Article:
What Is Wicca?
Wicca is a tranquil modern-era religion constructed around revitalized pre-Christian traditions and beliefs that originated in the Celtic British Isles. Wicca espouses a natural way of life, promoting a oneness with the Earth, with the Divine, and all that exists.

Research by archaeologists has shown that the Paleolithic peoples of prehistoric Europe worshipped a Hunter God and a Fertility Goddess. Cave paintings as old as 10,000 years show a man with the head of a stag, and a pregnant woman standing in a circle with eleven people, as has been represented in modern era Wicca.

In ancient times witchcraft was referred to as "the craft of the wise". It was practiced by shamans, medicine men and women who worked spiritually with the forces of nature on all levels. They were familiar with herbs, with medicine, they gave council, and were the shaman-like leaders of their tribes. It was their metaphysical understanding that man is not superior to nature, but instead is only a small part of the bigger whole that is constituted by many levels, both visible and invisible, material and ethereal. They believe that as they take they must also return, in order to maintain a balance and equilibrium in our individual lives, and in the universe as a whole.
How Did Wicca Return To Modern Times?


The Gardnerian tradition is named after Gerald Gardner (1884-1964), who was a well traveled British civil servant who spent much of his service in Southeast Asia. Gardner was an intelligent man who educated himself, and was an enthusiastic researcher in the study of local folklore and archeology in the colonial outposts where he lived. He knew and collaborated with many famous occultists, most notably Aleister Crowley.

Gardner believed that folk magick in Great Britain and Celtic Europe were remnants of pre-Roman, and maybe even pre-Celtic religion of Western Europe. When he returned to England permanently shortly before World War II, he devoted himself to the research of the occult and of "the old religion" full time. During his research he encountered members of a secret group called "The Wicca". He found the Witchcraft practiced by the Wiccans spiritually rich and multi-dimensional, and he devoted the remainder of his life to it's preservation and promotion. He believed the Wiccans were the last living, practicing descendants of pre-Christian and pre-Roman religious practice. Under Gardner's guidance, the group grew slowly, and in secrecy, as "witchcraft" was still illegal in Britain. In 1951 the Witchcraft Laws were replaced by the Fraudulent Mediums Act, and Gerald Gardner went public, actively promoting his "new" old religion. He won many new followers, and his association with Raymond Buckland spread Wicca across the Atlantic.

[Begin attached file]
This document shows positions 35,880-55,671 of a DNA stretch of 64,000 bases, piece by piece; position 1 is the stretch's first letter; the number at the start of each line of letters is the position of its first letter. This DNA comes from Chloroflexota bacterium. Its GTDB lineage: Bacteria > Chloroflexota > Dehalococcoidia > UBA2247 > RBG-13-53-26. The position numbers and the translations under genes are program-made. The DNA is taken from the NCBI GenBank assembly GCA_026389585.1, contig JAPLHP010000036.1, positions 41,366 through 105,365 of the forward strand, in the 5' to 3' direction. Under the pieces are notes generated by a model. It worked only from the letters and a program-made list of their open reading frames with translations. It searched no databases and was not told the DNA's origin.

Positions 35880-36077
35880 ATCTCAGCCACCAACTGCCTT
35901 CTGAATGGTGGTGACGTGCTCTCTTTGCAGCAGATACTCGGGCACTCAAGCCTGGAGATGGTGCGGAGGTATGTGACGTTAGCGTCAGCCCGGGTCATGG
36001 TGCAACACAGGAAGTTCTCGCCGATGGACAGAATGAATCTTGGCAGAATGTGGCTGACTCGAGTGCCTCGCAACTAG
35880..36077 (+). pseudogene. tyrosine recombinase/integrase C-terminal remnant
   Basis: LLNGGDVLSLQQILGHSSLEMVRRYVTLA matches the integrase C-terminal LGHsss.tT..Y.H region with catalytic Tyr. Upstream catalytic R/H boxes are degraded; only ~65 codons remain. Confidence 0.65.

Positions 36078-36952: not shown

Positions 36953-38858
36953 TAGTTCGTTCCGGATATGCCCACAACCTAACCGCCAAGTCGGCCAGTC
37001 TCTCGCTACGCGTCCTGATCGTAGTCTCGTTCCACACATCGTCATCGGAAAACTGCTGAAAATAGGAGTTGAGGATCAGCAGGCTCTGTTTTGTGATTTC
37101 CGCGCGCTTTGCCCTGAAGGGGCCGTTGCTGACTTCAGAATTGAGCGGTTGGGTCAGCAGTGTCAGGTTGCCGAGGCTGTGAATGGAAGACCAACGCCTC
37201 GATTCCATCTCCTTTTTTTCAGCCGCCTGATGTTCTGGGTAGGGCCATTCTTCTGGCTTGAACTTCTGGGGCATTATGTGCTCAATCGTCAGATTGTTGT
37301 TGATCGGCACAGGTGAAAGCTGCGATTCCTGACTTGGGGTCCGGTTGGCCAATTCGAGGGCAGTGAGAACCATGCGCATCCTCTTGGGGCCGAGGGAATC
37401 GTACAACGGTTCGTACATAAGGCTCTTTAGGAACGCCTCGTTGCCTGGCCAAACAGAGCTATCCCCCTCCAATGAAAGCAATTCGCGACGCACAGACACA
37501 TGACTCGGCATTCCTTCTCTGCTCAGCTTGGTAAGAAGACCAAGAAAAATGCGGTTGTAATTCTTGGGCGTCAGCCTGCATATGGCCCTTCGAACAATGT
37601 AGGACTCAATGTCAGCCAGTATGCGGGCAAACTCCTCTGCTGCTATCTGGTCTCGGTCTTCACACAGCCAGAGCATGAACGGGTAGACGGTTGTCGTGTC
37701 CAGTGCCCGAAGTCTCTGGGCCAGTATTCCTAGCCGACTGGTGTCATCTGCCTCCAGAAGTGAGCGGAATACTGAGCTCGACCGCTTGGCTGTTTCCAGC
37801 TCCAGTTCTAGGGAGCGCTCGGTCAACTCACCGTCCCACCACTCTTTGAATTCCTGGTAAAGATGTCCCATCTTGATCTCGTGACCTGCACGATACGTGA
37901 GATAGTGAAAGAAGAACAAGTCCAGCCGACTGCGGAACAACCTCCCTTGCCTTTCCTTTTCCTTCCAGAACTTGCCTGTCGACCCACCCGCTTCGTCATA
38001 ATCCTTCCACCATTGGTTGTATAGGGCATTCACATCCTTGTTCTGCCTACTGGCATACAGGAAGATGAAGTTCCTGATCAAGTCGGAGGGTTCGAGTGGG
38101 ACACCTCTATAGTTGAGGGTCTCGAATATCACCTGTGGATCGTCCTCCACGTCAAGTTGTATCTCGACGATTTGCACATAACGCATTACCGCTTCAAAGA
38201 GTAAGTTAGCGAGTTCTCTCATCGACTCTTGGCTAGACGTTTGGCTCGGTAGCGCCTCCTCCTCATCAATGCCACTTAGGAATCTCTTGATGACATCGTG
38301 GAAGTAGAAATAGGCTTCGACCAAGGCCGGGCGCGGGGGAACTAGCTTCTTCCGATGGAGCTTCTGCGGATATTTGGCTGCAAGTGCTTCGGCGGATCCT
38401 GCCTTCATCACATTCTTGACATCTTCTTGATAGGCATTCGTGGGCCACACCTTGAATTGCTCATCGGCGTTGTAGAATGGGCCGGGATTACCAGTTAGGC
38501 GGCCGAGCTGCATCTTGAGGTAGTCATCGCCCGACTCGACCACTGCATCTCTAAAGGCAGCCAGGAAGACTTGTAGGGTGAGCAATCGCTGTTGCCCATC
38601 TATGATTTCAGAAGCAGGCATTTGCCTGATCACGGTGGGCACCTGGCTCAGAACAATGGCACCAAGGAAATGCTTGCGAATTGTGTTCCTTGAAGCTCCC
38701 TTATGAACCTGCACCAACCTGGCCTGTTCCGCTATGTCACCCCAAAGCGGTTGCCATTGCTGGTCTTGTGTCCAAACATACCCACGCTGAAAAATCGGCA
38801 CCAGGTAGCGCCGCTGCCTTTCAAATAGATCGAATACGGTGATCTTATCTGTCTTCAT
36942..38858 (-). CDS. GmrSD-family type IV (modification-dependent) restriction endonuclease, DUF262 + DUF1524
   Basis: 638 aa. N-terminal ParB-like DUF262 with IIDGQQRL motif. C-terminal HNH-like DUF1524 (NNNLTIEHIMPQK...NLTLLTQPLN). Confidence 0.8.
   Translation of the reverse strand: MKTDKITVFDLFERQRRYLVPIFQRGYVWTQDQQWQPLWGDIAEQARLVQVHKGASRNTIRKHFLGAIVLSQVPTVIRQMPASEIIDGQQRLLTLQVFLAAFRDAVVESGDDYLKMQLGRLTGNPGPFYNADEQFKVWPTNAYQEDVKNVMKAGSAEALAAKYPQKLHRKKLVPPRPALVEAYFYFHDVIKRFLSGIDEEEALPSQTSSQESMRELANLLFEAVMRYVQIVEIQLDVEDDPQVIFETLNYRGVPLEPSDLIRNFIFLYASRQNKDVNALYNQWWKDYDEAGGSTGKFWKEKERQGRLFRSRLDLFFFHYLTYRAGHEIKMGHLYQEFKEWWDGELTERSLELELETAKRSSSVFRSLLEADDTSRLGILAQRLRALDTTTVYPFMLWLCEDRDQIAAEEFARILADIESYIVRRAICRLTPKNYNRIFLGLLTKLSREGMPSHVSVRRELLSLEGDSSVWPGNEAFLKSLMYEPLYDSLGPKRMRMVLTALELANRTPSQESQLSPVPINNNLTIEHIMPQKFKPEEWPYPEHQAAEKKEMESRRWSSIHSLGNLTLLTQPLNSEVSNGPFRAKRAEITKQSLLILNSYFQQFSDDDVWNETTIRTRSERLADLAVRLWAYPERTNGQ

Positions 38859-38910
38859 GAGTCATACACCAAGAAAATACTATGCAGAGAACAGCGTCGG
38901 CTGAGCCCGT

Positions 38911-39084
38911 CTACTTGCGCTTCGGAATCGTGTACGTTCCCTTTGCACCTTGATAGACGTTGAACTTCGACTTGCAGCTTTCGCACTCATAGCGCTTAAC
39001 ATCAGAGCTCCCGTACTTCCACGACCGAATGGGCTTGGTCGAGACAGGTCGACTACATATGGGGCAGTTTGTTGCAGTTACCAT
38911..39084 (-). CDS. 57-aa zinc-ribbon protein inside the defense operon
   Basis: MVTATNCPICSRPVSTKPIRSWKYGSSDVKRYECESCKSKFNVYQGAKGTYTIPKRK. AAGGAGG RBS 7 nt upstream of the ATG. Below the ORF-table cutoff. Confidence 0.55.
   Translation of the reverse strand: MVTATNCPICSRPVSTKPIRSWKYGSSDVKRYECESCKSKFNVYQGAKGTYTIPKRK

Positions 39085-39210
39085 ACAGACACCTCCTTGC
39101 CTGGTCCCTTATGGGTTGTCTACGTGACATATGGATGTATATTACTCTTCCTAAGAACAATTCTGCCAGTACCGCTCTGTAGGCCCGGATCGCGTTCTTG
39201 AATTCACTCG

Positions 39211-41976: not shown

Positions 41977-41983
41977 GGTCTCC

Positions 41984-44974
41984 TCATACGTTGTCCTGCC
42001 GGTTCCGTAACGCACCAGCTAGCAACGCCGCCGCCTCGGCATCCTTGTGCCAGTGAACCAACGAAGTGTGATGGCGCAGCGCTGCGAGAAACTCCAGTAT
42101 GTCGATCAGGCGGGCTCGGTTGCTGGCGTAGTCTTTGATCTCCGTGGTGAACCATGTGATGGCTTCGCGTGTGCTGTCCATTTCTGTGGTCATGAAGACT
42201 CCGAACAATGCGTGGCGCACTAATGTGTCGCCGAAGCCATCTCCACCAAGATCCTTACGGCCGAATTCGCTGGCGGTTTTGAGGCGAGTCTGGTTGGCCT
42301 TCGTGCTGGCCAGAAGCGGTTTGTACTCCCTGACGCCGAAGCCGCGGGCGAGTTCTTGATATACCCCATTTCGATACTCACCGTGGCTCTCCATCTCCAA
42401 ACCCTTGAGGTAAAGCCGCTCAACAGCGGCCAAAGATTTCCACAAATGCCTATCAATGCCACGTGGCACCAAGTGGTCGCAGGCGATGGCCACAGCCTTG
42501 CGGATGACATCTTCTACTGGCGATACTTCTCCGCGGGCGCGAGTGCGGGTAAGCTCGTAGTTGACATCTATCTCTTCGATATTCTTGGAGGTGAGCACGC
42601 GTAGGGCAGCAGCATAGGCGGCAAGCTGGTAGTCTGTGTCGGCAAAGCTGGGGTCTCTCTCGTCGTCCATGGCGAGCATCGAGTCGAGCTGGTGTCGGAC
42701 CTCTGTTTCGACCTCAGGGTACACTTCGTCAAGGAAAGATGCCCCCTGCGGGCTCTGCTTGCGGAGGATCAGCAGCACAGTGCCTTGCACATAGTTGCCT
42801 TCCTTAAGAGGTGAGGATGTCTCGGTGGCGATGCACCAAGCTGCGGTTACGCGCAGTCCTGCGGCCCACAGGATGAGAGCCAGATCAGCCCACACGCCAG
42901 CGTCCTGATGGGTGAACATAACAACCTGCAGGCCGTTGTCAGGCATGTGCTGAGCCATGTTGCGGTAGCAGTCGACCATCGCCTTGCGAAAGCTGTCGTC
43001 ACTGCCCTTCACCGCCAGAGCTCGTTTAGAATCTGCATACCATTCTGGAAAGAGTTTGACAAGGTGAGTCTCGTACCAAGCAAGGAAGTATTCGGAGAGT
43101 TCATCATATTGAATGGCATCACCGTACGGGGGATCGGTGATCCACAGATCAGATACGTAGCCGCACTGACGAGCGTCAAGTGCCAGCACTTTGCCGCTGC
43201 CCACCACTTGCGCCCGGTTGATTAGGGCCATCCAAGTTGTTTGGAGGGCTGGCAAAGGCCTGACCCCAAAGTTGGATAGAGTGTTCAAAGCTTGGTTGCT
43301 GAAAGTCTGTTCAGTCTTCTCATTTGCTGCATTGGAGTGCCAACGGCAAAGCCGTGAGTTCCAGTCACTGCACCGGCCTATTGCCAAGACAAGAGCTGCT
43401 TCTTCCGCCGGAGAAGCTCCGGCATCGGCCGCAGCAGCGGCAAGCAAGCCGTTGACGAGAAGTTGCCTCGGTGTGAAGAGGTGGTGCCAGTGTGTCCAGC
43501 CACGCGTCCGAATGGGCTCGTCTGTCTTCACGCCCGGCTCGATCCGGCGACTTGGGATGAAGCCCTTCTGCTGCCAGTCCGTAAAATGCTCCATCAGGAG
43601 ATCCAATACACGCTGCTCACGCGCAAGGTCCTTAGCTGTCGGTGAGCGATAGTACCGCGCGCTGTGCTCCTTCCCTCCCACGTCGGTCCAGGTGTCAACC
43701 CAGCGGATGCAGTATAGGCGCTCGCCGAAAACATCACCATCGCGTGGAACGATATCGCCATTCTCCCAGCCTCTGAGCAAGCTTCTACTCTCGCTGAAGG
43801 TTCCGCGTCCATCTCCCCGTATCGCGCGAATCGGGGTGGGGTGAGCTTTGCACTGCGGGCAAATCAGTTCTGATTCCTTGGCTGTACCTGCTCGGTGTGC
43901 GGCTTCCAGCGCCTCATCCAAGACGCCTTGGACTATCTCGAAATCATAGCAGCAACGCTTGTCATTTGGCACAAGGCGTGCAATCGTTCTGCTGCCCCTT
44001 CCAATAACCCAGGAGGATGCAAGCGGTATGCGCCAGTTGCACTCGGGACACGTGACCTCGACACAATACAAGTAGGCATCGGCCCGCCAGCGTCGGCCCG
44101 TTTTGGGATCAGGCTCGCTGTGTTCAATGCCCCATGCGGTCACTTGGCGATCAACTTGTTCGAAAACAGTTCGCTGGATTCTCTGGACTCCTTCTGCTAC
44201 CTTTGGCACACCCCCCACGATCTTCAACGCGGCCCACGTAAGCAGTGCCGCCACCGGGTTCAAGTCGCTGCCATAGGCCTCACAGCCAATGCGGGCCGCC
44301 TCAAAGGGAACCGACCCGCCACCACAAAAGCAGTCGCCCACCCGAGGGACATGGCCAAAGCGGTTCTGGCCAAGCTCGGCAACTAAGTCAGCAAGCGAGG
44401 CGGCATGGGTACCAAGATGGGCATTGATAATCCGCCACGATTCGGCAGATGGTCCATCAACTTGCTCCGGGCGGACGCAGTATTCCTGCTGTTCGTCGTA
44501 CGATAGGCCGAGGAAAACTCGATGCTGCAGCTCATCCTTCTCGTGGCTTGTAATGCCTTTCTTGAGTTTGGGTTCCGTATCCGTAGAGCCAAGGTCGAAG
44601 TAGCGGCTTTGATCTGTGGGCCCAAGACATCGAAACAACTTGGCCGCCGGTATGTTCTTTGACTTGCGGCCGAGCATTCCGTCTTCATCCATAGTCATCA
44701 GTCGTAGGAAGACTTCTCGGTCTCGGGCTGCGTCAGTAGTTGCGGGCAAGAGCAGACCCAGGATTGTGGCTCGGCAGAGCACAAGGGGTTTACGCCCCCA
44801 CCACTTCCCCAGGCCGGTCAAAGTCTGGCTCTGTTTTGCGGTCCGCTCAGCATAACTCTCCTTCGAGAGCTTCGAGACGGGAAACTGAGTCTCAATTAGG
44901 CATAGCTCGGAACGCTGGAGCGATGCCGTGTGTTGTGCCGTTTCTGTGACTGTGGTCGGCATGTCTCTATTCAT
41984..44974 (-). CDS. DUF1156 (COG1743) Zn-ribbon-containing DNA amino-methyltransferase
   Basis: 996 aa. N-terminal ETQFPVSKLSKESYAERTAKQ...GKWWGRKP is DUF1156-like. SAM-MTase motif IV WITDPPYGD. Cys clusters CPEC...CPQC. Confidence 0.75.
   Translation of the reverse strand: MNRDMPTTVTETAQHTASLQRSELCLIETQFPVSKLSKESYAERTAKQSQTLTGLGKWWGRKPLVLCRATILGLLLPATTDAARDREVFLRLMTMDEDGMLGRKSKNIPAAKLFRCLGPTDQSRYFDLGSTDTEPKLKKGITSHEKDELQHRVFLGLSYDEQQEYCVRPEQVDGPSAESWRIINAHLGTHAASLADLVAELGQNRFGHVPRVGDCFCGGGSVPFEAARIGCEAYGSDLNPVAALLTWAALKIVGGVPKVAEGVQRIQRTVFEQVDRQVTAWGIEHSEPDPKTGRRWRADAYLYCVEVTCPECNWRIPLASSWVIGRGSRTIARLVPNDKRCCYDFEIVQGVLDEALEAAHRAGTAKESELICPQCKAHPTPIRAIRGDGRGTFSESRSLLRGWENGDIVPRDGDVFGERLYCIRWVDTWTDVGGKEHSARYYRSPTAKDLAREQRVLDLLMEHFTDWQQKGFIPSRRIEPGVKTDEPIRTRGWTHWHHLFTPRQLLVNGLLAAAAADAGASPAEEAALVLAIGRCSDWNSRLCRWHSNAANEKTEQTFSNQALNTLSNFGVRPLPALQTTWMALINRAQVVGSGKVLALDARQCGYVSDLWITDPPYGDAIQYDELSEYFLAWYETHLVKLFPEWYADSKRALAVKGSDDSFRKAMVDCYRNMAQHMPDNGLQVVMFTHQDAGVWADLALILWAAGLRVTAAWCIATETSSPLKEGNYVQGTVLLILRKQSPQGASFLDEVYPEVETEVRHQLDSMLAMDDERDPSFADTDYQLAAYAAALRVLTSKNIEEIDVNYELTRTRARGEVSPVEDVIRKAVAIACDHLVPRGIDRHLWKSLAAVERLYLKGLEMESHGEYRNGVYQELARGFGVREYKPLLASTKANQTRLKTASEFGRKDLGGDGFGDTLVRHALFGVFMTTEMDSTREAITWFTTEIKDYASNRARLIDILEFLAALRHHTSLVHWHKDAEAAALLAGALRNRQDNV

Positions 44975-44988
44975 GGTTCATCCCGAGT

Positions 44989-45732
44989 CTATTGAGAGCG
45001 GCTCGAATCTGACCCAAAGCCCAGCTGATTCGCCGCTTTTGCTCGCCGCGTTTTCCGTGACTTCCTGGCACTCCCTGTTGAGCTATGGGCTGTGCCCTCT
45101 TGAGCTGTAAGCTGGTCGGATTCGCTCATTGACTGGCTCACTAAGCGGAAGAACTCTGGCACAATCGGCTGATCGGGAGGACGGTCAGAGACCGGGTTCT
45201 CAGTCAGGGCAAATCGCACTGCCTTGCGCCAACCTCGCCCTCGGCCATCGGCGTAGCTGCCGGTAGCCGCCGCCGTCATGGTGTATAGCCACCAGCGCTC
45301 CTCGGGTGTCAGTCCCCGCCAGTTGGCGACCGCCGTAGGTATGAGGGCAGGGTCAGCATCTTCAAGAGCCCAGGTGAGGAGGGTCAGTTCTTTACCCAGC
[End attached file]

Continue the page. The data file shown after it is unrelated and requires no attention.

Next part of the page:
Since Gerald Gardner opened the door in the 1950's for a 20th century understanding of the world's most ancient religion, Wicca has grown into many new and diverse traditions.
Different Wiccan Traditions


Alexandrian Tradition

Created by Alexander Sanders during the 1960's, it's based on the Gardnerian tradition.

Celtic Tradition

This tradition follows the Celtic and Druid pantheon. They are very respectful of nature, and are knowledgeable of the magickal qualities that herbs and plants possess.

British Tradition

A blend of the Gardnerian and Celtic traditions, following the Farrar teachings. They have co-ed covens, and train using a system of degrees.

Ceremonial Tradition

The adherants of this tradiition have complex magickal rituals that show an Egyptian, Masonic or Quabbalistic influence.

Dianic Tradition

Followers blend various traditions, with a focus on the Goddess. Covens are most often all female, with a distinctive feminist slant.

Eclectic Wiccans

These folks don't subscribe to any strict tradition, but study all traditions, then pick and choose which ones work best for them.

Hereditary Witch  

A person who can trace Witchcraft through their family tree, and was taught by a living relative.

Kitchen Witch

This is a practical form of Wicca, blending ceremony with everyday life. It is centered around the hearth and home, blending healing and spellwork with everyday tasks, such as cooking and cleaning.

Solitary Witch

A solitary witch practices alone, no matter what tradition they follow. They are similar to Eclectic Wiccans, in that they cloose from the many different traditions what works best for them.










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